The 2018 season is the fifth one of the current hybrid power unit era, the second season of the current aero regulations, and the second under Liberty Media’s guidance.

Last year saw titans Mercedes AMG Petronas and Scuderia Ferrari duel for supremacy for most of the season before Mercedes distanced Ferrari late in the season to take the constructor’s title and the driver’s title, with Lewis Hamilton, who is now tied with Sebastian Vettel on four world championships apiece.

Four drivers on the grid have Formula 1 world championships to their name: Hamilton, Vettel, Kimi Raikkonen, and Fernando Alonso. Scuderia Toro Rosso’s Brendon Hartley also has a world championship to his name as a two-time titlist in the FIA World Endurance Championship.

So, what can viewers expect from the 2018 curtain-raiser in Australia? A handful of things to watch are below?

2018 Australian Grand Prix – Talking Points

Does Anyone Have Anything for Mercedes?

Only on one day during pre-season testing did a Mercedes driver lead the way – Lewis Hamilton was fastest on the final day of Week 1 at the Circuit de Barcelona-Catalunya.

However, all indications were that was by design, with the team focusing the majority of the second week, if not the entire second week, on long runs with their W09 EQ Power+ chassis.

Such a decision is an ominous one, in that it indicates the team is very comfortable with the amount of speed in the car and did not see a need, or desire, to show their hand during testing.

With that in mind, the Mercedes duo of Hamilton and Valtteri Bottas may yet again have the best and fastest cars, and the team looks poised to potentially make it five constructor’s and driver’s championships in a row.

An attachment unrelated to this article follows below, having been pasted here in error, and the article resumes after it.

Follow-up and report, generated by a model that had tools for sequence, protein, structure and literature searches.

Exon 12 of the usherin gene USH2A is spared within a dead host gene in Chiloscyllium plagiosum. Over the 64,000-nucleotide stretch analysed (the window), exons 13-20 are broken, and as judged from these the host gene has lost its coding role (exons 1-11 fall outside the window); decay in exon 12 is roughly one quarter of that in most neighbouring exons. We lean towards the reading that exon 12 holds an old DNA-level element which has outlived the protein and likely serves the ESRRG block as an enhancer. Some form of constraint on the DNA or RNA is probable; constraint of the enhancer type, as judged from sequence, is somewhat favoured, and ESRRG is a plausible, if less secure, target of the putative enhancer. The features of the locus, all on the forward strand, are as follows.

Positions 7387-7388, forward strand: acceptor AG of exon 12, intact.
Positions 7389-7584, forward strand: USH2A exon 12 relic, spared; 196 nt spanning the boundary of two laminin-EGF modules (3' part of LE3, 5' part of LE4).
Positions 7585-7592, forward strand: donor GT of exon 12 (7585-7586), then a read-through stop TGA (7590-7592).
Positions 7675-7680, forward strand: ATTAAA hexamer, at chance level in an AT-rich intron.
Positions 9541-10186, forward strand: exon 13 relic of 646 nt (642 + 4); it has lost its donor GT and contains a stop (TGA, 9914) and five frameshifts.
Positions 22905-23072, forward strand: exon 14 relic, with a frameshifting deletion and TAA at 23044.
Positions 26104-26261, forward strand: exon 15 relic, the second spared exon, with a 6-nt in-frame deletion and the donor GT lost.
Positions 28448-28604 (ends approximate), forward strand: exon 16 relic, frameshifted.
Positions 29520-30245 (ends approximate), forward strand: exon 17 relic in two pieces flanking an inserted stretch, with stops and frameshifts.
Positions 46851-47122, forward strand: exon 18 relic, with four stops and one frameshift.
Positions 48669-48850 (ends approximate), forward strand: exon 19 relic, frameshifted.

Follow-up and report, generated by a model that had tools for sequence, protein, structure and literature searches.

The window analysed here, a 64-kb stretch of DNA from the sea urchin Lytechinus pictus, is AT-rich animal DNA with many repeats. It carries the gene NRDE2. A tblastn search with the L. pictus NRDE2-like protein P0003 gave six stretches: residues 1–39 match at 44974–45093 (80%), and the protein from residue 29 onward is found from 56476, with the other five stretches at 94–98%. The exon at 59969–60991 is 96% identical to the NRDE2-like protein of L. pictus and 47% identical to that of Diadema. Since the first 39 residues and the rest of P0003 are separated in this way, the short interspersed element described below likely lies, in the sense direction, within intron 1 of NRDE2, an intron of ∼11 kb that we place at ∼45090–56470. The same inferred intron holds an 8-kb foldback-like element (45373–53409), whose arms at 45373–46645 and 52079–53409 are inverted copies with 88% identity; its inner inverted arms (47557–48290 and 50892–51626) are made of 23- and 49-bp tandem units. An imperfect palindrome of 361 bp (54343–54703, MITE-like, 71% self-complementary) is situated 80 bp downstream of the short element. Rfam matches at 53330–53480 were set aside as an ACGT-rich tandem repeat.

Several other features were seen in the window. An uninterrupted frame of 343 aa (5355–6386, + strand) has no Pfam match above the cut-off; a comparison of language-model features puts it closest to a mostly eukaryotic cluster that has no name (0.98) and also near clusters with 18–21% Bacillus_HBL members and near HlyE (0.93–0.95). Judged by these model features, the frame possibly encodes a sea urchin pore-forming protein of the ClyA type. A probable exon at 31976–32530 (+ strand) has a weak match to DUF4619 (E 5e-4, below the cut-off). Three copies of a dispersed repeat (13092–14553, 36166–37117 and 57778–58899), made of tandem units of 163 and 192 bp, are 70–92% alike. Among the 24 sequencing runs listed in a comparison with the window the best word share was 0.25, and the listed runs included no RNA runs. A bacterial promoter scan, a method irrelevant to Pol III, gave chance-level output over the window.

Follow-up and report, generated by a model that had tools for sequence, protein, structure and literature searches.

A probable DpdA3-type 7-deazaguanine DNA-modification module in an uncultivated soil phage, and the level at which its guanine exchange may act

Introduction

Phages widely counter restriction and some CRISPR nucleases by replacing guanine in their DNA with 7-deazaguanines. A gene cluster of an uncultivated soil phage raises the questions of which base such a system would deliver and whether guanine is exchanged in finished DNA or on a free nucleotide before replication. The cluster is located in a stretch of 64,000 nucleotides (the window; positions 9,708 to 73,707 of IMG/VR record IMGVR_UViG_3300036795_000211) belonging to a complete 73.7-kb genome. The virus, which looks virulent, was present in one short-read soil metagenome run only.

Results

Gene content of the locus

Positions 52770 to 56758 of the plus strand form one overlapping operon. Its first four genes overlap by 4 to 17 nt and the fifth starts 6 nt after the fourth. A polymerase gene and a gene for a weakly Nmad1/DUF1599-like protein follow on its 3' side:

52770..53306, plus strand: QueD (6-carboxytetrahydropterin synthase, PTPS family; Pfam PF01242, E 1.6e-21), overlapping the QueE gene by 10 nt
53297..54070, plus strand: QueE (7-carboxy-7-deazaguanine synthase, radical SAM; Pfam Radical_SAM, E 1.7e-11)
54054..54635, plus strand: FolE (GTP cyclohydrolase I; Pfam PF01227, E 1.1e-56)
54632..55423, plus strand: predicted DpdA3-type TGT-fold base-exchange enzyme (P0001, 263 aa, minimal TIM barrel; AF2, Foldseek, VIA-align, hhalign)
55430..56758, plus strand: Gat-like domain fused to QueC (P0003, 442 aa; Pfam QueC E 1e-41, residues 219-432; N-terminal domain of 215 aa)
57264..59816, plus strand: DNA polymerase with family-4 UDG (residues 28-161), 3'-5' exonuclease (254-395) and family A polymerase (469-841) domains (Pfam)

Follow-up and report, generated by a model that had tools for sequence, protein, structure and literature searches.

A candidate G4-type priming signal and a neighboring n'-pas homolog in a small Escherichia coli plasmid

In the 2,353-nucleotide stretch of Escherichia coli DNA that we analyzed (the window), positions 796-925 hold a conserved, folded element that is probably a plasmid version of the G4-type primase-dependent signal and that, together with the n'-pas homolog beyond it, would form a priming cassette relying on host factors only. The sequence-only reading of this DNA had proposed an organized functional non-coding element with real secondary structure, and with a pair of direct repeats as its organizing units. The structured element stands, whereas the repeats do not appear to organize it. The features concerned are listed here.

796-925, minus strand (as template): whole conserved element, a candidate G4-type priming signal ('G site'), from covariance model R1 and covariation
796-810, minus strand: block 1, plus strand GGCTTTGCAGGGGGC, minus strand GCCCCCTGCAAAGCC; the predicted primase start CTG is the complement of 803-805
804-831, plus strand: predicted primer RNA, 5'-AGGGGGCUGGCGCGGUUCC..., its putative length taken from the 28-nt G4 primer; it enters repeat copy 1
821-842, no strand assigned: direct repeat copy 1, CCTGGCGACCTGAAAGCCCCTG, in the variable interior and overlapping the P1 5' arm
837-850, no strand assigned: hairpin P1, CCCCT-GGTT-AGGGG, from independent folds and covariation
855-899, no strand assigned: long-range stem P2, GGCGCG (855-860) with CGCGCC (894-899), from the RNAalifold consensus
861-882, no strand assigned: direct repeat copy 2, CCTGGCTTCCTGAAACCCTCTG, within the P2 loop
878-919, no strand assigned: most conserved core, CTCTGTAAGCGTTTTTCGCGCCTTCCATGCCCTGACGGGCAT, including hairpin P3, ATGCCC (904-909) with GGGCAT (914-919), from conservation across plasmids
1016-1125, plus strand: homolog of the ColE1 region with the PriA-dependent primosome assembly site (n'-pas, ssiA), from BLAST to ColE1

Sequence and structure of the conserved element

Ferrari and Red Bull Look to End Mercedes Reign

The biggest threats to Mercedes are undoubtedly Ferrari and Red Bull, the only other teams to win in 2017.

And both teams displayed a lot of pace during testing, particularly in the “one-lap speed” category. Ricciardo set a lap record around the Catalunya circuit during the second week, only for Vettel to supplant that mark later in the week. Teammate Kimi Raikkonen led the way during the final day of testing.

It is unknown how that pace will translate over the course of a race distance. Mercedes appeared to have an edge on both Ferrari and Red Bull over long runs and race simulations, but there is also a theory that neither Ferrari nor Red Bull had their true long-run form on display.

Still, if a team is going to knock off Mercedes, it will likely be either Ferrari or Red Bull.

McLaren on the Rebound?

Put simply, the previous three seasons for McLaren F1 Team were a bit of a disaster. Their partnership with Honda yielded point totals of 27 (2015), 76 (2016), and 30 (2017) in a three-year venture that was defined by poor reliability and underwhelming power.

The relationship hit a boiling point last year and both entities parted ways ahead of the 2018 season, with McLaren signing a new power unit deal with Renault.

Testing went better than in previous years, though the team continued to battle reliability problems. However, all issues appeared to be minor, needling issues rather than more significant, foundational problems, as the other Renault teams (Red Bull and Renault Sport F1 Team) had solid runs with few reliability issues.

The car does appear to have speed in it, so if the reliability problems are behind them, McLaren could be in for a rebound season.

Stuck in the Midfield Again

Formula 1’s battle amongst the midfield is set to be as fierce as ever as a host of a several teams have a chance at being “best of the rest.”

Sahara Force India has been the frontrunner from the the midfield teams each of the last two years, finishing fourth in the constructor’s title in both 2016 and 2017, though if the steady conflict between drivers Esteban Ocon and Sergio Perez continues through 2018, it could hamper their efforts significantly.

Renault Sport F1 Team and Haas F1 Team look to improve on their 2017 form, while Toro Rosso is in a new partnership with Honda power units…and has experienced a surprisingly smooth pre-season as Honda’s 2018 platform looks significantly better, with the team enjoying a solid run of testing with few, if any, reliability problems.

Williams Martini Racing and Alfa Romeo Sauber appear to be at the back of the pack entering the season, but both could battle for points finishes if those ahead of them falter.